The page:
AK, senile keratosis, or solar keratosis is a benign and chronic photo-induced cutaneous lesion frequently observed in adults aged ≥40 years. The prevalence is higher in men (up to 34%) and increases with age. Our study shows equal distribution between men and women, but the ages (mean, 67.18 years) and Fitzpatrick classifications (1-3 phototypes at 88% of the cases) were similar to those reported in the literature(1-3,10).

AK is an intraepithelial neoplasm formed by atypical differentiation and proliferation of keratinocytes, mostly induced by ultraviolet radiation(2,11). Therefore, chronic sun exposure and sunburns are the most important risk factors. The secondary risk factors are old age, male sex, place of birth with a higher ultraviolet radiation index, Caucasian ethnicity, history of previous skin neoplasms, organ transplantation, immunosuppression, outdoor occupation, and light phototypes (according to the Fitzpatrick classification)(12-16).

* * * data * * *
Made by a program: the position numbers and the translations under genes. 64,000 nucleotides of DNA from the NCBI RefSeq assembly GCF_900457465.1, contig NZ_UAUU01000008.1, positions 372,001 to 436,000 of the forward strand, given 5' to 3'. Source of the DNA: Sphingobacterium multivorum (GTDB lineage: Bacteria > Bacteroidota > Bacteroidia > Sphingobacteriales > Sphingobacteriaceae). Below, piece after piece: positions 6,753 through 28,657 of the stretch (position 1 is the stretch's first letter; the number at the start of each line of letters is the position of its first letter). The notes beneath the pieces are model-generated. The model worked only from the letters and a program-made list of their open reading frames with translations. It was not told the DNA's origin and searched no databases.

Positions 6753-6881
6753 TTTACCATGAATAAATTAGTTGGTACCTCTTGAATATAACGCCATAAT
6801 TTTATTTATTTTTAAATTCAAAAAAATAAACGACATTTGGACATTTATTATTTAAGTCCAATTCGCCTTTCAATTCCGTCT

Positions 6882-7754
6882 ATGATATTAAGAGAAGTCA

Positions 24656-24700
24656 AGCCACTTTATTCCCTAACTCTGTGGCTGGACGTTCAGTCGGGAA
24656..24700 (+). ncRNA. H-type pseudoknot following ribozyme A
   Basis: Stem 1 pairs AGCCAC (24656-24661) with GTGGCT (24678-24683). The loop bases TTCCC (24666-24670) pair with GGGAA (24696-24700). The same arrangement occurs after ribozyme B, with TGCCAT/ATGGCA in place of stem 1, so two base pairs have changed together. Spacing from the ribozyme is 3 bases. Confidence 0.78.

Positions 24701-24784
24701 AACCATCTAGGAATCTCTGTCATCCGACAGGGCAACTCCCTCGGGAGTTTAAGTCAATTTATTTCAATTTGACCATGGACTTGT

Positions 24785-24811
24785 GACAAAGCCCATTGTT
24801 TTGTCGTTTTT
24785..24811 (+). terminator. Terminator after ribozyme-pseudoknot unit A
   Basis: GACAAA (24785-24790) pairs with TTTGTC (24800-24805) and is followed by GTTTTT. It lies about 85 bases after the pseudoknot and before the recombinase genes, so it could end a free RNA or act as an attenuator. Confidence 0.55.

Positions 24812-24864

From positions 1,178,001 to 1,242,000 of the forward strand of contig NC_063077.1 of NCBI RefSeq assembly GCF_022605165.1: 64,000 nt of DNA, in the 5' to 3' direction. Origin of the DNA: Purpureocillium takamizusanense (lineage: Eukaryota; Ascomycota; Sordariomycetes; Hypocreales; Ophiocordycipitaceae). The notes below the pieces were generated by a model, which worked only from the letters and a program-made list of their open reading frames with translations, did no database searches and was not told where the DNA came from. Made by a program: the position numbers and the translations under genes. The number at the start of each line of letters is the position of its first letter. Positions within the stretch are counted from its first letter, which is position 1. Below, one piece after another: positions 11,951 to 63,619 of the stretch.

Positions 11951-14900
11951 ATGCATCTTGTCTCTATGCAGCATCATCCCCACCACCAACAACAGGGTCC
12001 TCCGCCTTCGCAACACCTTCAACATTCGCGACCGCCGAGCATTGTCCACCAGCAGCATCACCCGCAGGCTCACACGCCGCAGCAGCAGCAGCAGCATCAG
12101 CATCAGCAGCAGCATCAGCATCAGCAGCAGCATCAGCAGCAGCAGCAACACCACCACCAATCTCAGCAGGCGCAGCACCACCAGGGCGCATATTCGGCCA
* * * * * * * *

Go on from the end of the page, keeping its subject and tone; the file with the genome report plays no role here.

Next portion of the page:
Some characteristics of AK indicate that it should be treated as soon as it is diagnosed. The combinations of predisposing factors to AK, BCC, and SCC are similar. AK and SCC have similar genetic expression profiles, and AK is also a risk marker of BCC and melanoma. AK has a cumulative risk of 5%-20% for developing into SCC and similar rates of AK progression to BCCe. Untreated AK may develop into SCC in 8%-20% of the patients, and 27%-82% of SCCs are estimated to evolve from previous AK. Despite that 87%-97% of SCCs have contiguous AK, no specific clinical features can predict the AK lesions that would progress to neoplasms. For all these reasons, AK is considered a premalignant lesion(2,3,10,11,13,16-19).

Twelve months after treatment, 25%-75% of patients may require retreatment depending on the previous treatment. Recurrence may result from incomplete elimination of the lesion, progression of subclinical lesions to clinical status, and development of new lesions(13,20).